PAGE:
Tom's Blog

Monday, November 2, 2009

Control of brush along a stone wall

At Black Earth Rettenmund Prairie we have a nice stone wall on the west side of the property. This is a hand-built wall that was constructed by our neighbor from stones he found on his ag field. The wall is really a cultural feature of the prairie and is something we want to preserve and protect.

For that reason, we have always kept it from getting black when we burn that area. We wet down a strip next to the wall, and the wall itself, so that flames don't reach it. (See photo below)

One problem with protecting the wall is that the brush that inevitably grows is not killed, so eventually a rather nasty brush border develops, on both sides of the wall. All sorts of brush was present, including honeysuckle, buckthorn, sumac, and brambles.

Yesterday our volunteer work party dealt with this brush border. One person operated a Stihl brush cutter and five of us followed along with spray bottles of Garlon 4 in oil. This is the best herbicide to use, because it works on all the various species, and the herbicide penetrates the bark of the cut stem as well as entering through the open cut itself.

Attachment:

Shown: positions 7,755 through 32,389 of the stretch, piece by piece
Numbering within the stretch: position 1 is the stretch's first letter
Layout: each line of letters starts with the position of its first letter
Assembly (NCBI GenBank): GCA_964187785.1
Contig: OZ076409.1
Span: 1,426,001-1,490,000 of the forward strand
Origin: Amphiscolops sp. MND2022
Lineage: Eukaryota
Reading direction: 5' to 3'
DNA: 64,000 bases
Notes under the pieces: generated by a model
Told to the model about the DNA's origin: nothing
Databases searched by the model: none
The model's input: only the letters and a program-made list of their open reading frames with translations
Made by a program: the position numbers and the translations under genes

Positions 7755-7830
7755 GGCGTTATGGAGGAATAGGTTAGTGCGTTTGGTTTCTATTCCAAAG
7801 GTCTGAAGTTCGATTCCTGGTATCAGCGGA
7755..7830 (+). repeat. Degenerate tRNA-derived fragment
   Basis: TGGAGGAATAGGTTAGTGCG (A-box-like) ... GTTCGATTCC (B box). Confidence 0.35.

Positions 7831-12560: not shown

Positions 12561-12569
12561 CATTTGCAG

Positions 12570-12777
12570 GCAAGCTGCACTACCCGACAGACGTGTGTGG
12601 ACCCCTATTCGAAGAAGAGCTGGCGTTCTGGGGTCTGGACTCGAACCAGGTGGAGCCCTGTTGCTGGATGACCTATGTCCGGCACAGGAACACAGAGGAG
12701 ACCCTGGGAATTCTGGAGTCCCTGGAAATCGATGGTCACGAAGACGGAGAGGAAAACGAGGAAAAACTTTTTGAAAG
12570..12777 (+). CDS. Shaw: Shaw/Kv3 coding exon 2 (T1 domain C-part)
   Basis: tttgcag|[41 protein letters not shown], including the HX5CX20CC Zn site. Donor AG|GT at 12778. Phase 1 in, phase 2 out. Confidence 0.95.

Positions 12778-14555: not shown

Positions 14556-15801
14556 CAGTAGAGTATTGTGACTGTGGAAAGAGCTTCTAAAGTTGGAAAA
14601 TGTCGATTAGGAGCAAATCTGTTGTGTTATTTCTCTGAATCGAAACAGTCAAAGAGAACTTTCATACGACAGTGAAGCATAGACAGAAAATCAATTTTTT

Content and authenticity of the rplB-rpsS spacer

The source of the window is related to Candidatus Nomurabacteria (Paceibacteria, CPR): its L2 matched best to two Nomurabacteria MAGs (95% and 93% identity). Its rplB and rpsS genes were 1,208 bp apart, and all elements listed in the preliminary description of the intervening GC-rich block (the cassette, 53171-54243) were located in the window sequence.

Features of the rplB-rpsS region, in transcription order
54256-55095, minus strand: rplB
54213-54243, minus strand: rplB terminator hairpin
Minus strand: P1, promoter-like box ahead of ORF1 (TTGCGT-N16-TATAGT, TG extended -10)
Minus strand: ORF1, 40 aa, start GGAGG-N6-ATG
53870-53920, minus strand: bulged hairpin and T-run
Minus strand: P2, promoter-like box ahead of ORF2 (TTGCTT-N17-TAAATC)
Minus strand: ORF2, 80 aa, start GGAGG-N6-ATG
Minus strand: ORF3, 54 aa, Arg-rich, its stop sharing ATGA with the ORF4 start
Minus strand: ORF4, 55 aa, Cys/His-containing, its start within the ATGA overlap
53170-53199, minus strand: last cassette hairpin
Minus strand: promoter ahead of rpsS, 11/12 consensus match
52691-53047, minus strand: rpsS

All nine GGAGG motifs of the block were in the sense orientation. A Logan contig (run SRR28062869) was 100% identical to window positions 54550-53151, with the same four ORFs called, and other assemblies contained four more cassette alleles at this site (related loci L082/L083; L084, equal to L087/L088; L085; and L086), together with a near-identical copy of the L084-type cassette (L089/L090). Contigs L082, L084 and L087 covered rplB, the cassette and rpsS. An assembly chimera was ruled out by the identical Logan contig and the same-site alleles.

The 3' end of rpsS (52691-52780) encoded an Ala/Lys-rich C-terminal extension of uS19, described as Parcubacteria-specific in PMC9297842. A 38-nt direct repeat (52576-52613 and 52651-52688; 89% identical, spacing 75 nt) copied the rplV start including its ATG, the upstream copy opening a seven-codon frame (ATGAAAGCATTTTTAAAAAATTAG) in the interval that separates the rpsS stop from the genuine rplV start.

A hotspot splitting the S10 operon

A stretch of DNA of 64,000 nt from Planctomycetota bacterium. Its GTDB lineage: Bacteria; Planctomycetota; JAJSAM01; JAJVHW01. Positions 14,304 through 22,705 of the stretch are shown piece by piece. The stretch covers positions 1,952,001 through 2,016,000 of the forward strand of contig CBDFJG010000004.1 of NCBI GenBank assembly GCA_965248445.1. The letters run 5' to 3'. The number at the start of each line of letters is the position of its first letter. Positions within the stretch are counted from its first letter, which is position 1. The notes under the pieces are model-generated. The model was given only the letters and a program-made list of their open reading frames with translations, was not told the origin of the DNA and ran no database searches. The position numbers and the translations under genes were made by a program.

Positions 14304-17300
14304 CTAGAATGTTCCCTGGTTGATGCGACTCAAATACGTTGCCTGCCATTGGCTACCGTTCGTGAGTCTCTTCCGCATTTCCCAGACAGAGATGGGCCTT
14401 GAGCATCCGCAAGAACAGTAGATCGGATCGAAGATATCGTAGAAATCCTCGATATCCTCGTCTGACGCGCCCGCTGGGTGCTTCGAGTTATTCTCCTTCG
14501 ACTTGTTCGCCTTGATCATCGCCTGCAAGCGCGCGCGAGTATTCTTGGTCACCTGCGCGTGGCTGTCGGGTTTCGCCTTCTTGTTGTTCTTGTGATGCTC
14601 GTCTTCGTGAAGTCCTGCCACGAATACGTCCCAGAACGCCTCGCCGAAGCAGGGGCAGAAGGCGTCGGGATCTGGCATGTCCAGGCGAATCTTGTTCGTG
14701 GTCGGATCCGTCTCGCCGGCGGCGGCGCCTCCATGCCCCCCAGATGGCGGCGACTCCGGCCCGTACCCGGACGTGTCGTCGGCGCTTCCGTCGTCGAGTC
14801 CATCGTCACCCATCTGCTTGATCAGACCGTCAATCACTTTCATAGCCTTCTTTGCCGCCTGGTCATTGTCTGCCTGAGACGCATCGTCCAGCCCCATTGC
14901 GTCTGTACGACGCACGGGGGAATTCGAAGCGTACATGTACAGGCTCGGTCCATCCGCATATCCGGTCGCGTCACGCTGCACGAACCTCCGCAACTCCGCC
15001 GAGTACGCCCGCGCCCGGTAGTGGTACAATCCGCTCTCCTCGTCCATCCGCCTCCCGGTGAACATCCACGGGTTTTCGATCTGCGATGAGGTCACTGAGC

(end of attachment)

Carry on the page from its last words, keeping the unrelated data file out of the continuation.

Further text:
With a group of people treating, it is virtually ensured that all cut stems will be treated. One or two people follow close after the brush cutter and treat the most obvious stems (usually the largest) whereas several others trail behind and do "mop-up".

It took us about an hour to deal with the whole area, after which we collected seeds for the rest of the afternoon. The weather was mostly sunny and pleasant.


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